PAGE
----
Thursday, April 1st

Our trip began around 2:00pm on Thursday afternoon when I got picked up by Don, Matt, Kadi and Joe. Our primary goal of the trip was to make it to Lesotho for a couple days to camp and just hike around what we have heard to be a beautiful country. Other than that, our plans were very open ended and made to be spontaneous. Our first drive took us on the N1 away from Cape Town going northeast. We drove through the Hugenot tunnel in the surrounding mountains, which is probably 2-3 kms long. Kadi and Joe drove through the night (since the car was a manual and they are the only ones who know how to drive stick) and stopped at a gas station around midnight to take a quick nap in the car. That quick nap turned into a 5 hour rest with all of us waking up with neck cramps and completely sore from being so stuffed in the car. Don and I spent some time walking around the gas station around 3am and it seemed like there was a party going on there. There were so many cars just blasting their music and dancing and having a good time. Needless to say, this was not the highlight of the trip.

Friday, April 2nd

We drove from the gas station to Blomfontein, which is about 150 kms from Lesotho. After filling up petrol and grabbing some snacks, we drove around Blomfontein and found the 2010 World Cup stadium. It was pretty cool looking, but not a new stadium so it definitely lacked the contemporary design that Green Point has. From Blomfontein, we drove straight to the capital of Lesotho, Maseru. Customs took about an hour through the Maseru Bridge entrance and finally we had made it to Lesotho! Border control was much more lax than I first thought it was going to be. We could have easily made our way into the country without having passports. The man checking our car didn’t even open the trunk to look around and only looked at Kadi’s passport with all of us sitting in the back. Maseru was a pretty typical African city, except there were next to no white people except for us. It was definitely different than Cape Town, but still was fun to see the area. We kept driving through Maseru because there wasn’t much camping to be done there and worked our way into the center of Lesotho. The terrain becomes more mountainous as you drive towards the center and eventually it is driving on the side of what could be cliffs, but there was a solid guardrail on the main freeway. The hills were filled with cattle, sheep and donkeys and herders driving them around the area. I suppose I should say that the roads were not only for cars either, people and cattle are always wandering in the middle of the road, which makes the drive slow going. There were also quite a few police stops where they would actually check driver’s licenses and look through the trunks. They were pretty helpful though if we had any questions about where we were going.

Blomfontein Stadium Blomfontein Stadium

Most of the mountain driving Mountain driving

Border Control Border Control

We found a creek to eat lunch (PB&J) about 50 kms into the drive. Matt ended up slipping on the rocks and soaking his sandwich, an unfortunate case for the lad. Getting the car moving again was a task, as we had to push uphill to get it started. The car had many problems that I will talk about later. Our driving ended at Mohale Dam about another hour away. Lesotho has a huge freshwater industry created from all of their mountain streams. South Africa pays around 26 million rand per month to get water to the surrounding dry areas of the frontier. We stopped on the side of a hill that overlooked the entire water reserve and the dam and just decided to pitch our tent on the top of it. We really didn’t know if anyone would stop us or be concerned about some random car parked at the bottom without people in it, but it seemed to work out fine. After a delicious dinner of cold baked beans and corn (because it rained we couldn’t make a fire) we played some cards. We fell asleep pretty early around 7:30 because it was dark out and we were all exhausted from the long drive. Five people in a four-person tent seemed to work out well! It was nice to have the car to keep most of our stuff inside and dry. We could hear the nearby village across the mountains and it sounded like they were having a good time.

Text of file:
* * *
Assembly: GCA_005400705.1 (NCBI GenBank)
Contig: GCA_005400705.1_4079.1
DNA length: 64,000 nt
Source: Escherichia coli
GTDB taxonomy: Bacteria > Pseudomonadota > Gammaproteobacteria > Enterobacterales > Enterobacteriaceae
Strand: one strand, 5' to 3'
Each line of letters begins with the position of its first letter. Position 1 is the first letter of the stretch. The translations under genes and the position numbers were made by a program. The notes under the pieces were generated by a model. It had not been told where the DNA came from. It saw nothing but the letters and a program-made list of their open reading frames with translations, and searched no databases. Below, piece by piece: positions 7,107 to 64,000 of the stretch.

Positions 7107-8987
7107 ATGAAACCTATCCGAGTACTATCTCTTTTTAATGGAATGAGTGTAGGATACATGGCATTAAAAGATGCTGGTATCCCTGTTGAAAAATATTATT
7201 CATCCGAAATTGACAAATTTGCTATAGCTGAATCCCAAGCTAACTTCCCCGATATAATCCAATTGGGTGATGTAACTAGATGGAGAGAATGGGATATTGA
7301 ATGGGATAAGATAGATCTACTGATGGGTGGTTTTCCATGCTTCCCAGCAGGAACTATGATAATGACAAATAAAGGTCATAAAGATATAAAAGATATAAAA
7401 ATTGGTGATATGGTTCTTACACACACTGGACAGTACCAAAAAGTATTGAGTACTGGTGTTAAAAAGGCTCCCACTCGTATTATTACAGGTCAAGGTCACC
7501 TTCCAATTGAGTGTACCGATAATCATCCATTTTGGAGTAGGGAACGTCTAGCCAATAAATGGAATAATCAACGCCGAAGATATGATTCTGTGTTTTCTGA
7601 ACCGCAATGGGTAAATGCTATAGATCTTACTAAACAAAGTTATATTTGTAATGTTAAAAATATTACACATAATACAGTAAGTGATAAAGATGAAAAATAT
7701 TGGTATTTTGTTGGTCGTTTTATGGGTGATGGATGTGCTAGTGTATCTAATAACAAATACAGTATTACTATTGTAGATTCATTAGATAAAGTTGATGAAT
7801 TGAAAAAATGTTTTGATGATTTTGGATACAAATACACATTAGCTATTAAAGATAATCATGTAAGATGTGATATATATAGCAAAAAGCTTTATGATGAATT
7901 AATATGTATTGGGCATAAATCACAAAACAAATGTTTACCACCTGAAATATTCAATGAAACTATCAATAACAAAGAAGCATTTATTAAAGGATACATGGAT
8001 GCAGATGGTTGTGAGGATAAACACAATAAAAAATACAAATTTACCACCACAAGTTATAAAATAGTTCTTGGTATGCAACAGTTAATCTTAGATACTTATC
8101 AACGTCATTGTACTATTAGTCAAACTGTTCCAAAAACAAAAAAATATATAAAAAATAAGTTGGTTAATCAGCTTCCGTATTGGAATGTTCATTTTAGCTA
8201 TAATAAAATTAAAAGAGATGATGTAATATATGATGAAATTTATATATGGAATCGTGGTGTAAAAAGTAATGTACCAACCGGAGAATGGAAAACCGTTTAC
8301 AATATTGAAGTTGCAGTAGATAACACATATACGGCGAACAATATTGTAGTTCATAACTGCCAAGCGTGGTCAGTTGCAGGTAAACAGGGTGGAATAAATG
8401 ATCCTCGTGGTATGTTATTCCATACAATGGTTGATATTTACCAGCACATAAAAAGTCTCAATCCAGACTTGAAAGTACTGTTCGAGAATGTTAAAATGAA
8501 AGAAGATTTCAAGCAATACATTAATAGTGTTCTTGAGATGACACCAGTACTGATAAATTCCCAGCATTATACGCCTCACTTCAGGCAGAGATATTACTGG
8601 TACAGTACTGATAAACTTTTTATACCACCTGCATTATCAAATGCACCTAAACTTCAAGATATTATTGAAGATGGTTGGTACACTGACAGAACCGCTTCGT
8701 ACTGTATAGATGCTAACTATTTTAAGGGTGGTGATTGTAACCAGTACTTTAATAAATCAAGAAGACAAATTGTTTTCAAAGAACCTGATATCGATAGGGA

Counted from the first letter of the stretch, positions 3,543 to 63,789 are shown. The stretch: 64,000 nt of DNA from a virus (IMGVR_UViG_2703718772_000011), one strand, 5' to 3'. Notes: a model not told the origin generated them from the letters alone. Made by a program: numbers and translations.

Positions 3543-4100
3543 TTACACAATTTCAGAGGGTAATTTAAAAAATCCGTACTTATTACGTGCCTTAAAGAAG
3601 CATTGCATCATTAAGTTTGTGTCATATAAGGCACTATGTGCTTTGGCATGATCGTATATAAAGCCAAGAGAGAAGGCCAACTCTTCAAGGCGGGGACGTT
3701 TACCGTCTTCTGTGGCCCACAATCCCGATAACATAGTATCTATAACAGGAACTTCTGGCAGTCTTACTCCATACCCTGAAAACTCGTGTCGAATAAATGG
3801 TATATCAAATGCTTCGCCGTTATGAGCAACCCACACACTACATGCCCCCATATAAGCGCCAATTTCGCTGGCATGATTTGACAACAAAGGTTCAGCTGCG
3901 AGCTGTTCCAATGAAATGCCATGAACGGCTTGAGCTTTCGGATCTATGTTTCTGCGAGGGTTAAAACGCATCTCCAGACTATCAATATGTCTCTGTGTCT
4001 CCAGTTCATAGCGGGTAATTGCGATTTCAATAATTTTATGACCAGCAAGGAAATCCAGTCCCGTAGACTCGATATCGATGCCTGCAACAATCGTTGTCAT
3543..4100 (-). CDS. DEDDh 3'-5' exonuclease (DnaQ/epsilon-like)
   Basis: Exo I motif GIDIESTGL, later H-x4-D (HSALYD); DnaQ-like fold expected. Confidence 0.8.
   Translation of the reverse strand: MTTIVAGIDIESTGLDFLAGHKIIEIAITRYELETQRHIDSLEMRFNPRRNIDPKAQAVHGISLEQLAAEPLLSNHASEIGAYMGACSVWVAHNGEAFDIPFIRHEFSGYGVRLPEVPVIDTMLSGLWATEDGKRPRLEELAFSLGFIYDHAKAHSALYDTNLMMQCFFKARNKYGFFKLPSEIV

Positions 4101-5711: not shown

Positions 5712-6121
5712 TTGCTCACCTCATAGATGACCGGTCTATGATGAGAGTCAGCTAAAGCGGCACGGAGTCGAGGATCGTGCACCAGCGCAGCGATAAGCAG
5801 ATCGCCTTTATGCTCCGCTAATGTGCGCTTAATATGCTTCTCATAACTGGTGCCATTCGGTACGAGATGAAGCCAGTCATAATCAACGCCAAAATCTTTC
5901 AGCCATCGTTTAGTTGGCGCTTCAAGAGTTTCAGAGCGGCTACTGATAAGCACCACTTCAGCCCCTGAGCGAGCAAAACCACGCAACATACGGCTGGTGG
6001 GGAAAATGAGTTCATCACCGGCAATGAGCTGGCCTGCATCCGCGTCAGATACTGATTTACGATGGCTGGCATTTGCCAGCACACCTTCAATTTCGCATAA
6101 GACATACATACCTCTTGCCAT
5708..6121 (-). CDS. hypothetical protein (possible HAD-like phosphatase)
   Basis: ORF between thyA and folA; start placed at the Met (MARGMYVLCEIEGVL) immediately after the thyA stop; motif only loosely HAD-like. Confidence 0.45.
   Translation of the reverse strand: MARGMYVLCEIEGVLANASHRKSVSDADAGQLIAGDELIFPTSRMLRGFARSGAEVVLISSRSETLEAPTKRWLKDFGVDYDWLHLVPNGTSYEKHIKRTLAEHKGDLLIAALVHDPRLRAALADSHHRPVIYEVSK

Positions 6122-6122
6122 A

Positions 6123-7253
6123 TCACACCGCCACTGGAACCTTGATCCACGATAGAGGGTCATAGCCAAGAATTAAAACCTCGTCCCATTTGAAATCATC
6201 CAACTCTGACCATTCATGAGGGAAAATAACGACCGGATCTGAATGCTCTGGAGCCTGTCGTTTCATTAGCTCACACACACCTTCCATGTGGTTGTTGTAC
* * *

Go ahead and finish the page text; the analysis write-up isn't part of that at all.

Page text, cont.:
Taking a break

View from our first campsite

Windows XP background, hehe

Saturday, April 3rd

We woke up around 6:30am to a couple cattle herders around our tent. We weren’t too alarmed since we just assumed they were working, and probably pretty curious to see some random blue tent in the middle of their fields. We opened up the tent and said good morning and they seemed pretty excited to see people, ha. The first thing they said was, “we are hungry!” We, ourselves, didn’t have too much food so we couldn’t really give them any. I stepped out of the tent and shook their hands and tried talking, but they didn’t really know English. Lesotho is a kingdom comprised of the Sotho people (including the Sotho languages). Since we couldn’t really talk, I just kind of hung out with them for a couple minutes before we started packing up the tent.

We drove to the Besotho Pony Trekking Center and arrived there around 8:00am. We were really excited to ride horses since all of the guidebooks and people who have been there said good things. Thabang was our guide and we set off for a 4-hour horseback ride through the mountains. This was one of the most spectacular things I have done thus far in South Africa (now Lesotho). My horses name was Muhale and I definitely think we had a bond going through the trip. The mountains were just phenomenal with perfect blue skies and puffy white clouds. After going through many mountain passes, we emerged on a beautiful waterfall, the Quihlore waterfall. It was by far the largest waterfall I have seen before. It was so loud and powerful, but seemed to be so peaceful. It took about 2 hours to get to the falls and we then made our way back along a more prairie-like route. Imagine the Windows XP background on the high school computers, with the green prairie and the blue sky with white clouds and you have what we were horse riding through. It was so fantastic! With all of my horse riding knowledge, I tried to get Muhale to run. I tried doing the spur kick and rein slap while yelling “yehaw,” and to my surprise, Muhale started running! Ok, ok, it was more of a trot, but it was still a fantastic feeling to have this huge animal finally break free from walking and move in a more comfortable speed with lots of space. Muhale was the man. Horse. I must say, my thighs and legs and tailbone were not feeling so hot after 4 hours of riding a horse. Our trek ended around 2:00pm and we drove to a city called Marakabei to fill up on petrol. Thus beginning the epic saga of our car turning into a piece of shit.

Thabang and I at the Quihlore waterfall

Crossing a stream with Muhale